Climate change will create income inequality between rich and developing countries
By Zeba Tarannum
Every 9 out of 10 top climate economists think climate change will deepen income inequality between rich and developing countries. So most economists are calling for urgent action to reduce global warming emissions.
According to a survey of the Institute for Policy Integrity at New York University, for countries with economic pressures and high poverty rates, the effects of global warming can cause even more difficulties.
The results of the survey were published recently. According to the news agency Reuters, this is the most extensive global expert study on the economy of climate change.
About 3/4th of the 730 experts agreed that “immediate and drastic action” need to reduce carbon emissions.
Economists believe that governments could underestimate the potential costs of climate change. Derek Sylvan, strategic director at the Institute for Policy Integrity, said, ultimate concerns have raised about the risks of climate change.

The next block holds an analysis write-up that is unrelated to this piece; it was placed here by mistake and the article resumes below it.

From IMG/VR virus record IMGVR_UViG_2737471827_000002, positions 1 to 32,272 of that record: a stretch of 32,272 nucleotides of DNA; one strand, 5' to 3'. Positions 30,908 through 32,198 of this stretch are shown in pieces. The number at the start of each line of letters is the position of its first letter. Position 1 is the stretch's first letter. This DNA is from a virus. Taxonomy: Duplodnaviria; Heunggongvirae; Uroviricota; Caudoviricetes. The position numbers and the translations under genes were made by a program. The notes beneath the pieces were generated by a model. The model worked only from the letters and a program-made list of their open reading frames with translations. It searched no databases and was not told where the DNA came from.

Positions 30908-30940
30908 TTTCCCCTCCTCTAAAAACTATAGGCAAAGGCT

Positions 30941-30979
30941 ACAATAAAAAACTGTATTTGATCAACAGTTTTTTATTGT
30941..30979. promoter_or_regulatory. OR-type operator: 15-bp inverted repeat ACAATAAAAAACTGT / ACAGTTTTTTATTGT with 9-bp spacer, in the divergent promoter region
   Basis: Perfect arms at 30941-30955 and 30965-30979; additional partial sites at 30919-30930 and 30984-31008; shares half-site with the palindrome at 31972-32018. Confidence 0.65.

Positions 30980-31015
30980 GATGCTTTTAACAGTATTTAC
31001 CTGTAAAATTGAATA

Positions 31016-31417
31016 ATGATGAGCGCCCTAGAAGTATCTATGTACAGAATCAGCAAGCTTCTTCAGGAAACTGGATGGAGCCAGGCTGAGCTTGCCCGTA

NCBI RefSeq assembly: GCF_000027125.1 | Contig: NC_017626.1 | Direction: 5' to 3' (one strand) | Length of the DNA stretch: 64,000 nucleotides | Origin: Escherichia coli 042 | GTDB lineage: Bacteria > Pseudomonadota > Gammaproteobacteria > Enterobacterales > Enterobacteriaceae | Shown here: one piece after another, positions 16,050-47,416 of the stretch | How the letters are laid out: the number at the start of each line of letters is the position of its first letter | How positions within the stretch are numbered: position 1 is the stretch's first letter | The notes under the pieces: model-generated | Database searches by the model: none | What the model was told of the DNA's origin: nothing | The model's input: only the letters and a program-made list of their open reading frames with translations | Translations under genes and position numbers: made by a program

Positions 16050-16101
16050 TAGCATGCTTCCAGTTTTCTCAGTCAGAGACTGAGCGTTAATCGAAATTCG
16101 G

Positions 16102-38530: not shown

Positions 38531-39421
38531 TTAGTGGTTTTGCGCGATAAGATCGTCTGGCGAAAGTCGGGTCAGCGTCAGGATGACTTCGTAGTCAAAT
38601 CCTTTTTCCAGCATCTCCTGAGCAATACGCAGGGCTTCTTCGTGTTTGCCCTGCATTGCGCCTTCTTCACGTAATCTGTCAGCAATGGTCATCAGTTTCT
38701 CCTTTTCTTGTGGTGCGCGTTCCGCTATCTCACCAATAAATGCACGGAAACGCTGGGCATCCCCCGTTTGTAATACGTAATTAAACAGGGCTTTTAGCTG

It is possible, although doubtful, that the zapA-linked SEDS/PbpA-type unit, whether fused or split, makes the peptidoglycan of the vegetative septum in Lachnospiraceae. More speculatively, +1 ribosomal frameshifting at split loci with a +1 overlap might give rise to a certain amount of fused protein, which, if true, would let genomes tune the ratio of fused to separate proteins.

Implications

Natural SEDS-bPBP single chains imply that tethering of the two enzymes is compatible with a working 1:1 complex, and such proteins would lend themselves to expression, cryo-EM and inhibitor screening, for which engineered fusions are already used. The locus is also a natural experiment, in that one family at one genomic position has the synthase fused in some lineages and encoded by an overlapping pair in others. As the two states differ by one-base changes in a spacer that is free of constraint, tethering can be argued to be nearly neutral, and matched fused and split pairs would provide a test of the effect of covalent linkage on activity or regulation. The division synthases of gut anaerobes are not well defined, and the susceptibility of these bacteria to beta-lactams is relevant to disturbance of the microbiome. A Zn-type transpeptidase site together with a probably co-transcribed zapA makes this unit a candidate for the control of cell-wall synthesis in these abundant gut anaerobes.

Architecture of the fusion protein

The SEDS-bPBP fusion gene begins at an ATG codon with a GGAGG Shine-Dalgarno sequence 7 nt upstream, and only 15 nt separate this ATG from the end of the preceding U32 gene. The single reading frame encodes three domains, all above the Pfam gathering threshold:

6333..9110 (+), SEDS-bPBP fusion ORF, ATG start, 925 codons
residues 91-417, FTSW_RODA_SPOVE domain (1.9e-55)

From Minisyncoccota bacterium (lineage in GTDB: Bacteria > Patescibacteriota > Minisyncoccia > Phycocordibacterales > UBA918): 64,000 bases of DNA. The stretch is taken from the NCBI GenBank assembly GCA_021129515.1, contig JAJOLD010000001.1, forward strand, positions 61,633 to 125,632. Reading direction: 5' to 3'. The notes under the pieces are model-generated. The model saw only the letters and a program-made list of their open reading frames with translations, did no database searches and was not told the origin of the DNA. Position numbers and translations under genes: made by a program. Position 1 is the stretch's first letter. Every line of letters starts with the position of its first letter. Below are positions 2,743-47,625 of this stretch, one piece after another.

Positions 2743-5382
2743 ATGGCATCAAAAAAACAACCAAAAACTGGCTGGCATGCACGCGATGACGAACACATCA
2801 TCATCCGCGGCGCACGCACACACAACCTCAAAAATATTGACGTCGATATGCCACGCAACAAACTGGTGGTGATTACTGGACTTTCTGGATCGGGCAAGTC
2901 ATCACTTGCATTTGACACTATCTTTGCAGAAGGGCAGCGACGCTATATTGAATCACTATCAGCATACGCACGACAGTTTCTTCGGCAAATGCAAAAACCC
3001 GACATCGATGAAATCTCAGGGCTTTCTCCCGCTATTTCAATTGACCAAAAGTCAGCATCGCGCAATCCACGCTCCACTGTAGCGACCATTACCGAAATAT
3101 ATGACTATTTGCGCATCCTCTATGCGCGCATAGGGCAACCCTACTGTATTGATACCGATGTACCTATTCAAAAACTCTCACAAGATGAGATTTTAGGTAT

According to the survey, the potential loss from climate change will be 1.7 trillion US dollars per year until 2050. If the current warming trend continues, by 2075, this loss will reach 30 trillion US dollars per year.
Its most significant impact will be on developing countries, especially agriculture-based countries. According to researcher Sylvan, agricultural dependence will be at risk of excessive heat.
In the survey, 70% of economists said, Climate change will increase inequality in the country. The difference between rich and developing countries will increase.
According to the researchers, the cost of reducing carbon emissions is also declining rapidly. The use of solar and wind energy is increasing. They hope to increase the use of such cost-effective methods.